• Having a Cup and a Debate at the Kavárna Slavia: (Národní at Smetanovo nábrezí, Prague 1; tel. 224-218-493). The reincarnation of Prague's favorite Communist-era dissident cafe retains its former Art Deco glory. The cloak-and-dagger interactions of secret police eavesdropping on political conversations may be gone, but there's still an energy that flows with the talk and java at the Slavia -- and it comes with a great view.
  • Crossing the Charles Bridge at Night: At night, the bridge takes on a completely different persona. The crowds thin out (a little) and musicians, street performers, and flower people come here to sit under the statues and sing or just hang out. Why not join them?
  • Enjoying New Year's Eve in Ceský Krumlov: At midnight in Bohemia's Ceský Krumlov, the Na Plásti Bridge at the castle overlooking the town turns into a mini-United Nations, as revelers from all over gather to watch and light fireworks, see who can uncork the champagne the fastest, and just plain celebrate.
  • Exploring Antiques Shops: If you like old stuff, you'll enjoy finding something "out of this world" in many of Prague's antiques shops (starozitnosti) or bookstores selling more-or-less-old publications (antikvariáts).
  • Have a Beer at Letná: In summer, you'll find the city's best beer garden on the far eastern edge of Letná Park, across the river from Old Town. While the beer's not free (too bad!), it's not all that expensive either, and you're free to sit at one of the picnic tables or along the park benches. The views down to Old Town are simply superb.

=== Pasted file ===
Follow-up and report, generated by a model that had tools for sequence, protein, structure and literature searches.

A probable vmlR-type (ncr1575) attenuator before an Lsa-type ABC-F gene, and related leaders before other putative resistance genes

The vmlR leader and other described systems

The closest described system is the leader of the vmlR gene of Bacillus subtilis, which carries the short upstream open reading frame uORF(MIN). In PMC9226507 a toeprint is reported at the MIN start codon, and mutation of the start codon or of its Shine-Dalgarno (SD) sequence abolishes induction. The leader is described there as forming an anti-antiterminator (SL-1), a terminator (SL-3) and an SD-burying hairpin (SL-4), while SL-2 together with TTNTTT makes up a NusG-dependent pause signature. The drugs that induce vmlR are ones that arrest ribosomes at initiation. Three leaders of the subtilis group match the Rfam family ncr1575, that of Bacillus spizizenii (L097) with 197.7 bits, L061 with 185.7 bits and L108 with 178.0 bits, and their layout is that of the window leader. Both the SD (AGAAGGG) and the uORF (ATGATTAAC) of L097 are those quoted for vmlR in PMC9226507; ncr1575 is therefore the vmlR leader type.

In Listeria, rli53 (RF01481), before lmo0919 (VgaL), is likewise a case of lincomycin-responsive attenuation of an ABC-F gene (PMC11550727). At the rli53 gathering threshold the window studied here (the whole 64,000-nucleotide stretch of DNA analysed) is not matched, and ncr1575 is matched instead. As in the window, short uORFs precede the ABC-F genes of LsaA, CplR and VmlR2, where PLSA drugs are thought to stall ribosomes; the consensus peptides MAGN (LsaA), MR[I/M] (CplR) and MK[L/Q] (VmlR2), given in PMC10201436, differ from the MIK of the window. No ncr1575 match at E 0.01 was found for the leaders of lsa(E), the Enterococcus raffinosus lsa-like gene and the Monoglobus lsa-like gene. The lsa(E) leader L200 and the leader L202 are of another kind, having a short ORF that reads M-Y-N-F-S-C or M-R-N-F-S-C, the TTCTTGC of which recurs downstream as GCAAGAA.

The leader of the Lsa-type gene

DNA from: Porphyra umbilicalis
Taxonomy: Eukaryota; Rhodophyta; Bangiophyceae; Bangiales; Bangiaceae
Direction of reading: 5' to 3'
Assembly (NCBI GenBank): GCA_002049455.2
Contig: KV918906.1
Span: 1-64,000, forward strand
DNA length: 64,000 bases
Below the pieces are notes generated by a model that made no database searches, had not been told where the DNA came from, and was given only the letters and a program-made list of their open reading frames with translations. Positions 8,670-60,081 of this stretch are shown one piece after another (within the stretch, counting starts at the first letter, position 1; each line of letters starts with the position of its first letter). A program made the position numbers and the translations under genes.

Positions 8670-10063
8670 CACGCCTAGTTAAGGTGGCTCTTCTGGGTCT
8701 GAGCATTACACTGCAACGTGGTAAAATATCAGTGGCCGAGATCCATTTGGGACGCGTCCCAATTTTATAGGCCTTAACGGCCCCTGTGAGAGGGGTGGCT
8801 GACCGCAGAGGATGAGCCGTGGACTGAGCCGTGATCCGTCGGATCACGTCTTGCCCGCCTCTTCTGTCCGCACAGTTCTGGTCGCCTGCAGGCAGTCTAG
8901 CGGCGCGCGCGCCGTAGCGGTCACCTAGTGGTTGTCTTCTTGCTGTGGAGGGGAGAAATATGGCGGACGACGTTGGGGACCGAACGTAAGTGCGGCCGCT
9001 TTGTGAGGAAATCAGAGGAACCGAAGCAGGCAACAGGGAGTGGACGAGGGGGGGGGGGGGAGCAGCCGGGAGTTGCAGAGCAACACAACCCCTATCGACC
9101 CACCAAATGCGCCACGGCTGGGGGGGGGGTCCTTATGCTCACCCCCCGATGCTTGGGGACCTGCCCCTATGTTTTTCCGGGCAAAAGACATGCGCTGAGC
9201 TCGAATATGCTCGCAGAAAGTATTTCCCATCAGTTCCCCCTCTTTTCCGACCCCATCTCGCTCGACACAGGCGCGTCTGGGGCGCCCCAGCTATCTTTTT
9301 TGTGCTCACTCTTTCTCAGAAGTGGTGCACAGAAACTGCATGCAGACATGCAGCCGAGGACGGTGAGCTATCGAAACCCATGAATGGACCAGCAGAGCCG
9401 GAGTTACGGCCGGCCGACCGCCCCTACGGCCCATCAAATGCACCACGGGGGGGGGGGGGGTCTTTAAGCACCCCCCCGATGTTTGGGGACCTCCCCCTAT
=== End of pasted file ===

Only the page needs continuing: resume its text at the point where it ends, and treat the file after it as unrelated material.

• Treat Yourself to a Svarák: Svarák, short for svarené víno, is the Czech version of mulled wine, a traditional Christmastime treat that's best drunk outside in the freezing cold from a plastic or Styrofoam cup. Vendors on Old Town Square start selling the stuff in early November and svarák season lasts through the new year or longer. Okay, it's not free, but a good-size cup of the stuff will only set you back about 40Kc.
  • Drop in at St. Vitus Cathedral: Most of the Castle complex requires an expensive combined-entry ticket to visit, but not the biggest site of all, St. Vitus Cathedral. Be sure to take in the amazing stained glass windows and the St. Wenceslas Chapel.
  • Feed the Swans: Okay, the bread won't exactly be free, but it's worth a couple of crowns to buy some rolls and head down to the river (for the best swan sightings, try the banks on the Malá Strana side just south of the Malostranská metro station along the street U Luzického seminare). The Vltava is home to hundreds of white swans (if not more), but be careful with the bread, since the birds might bite.
  • Note: This information was accurate when it was published, but can change without notice. Please be sure to confirm all rates and details directly with the companies in question before planning your trip.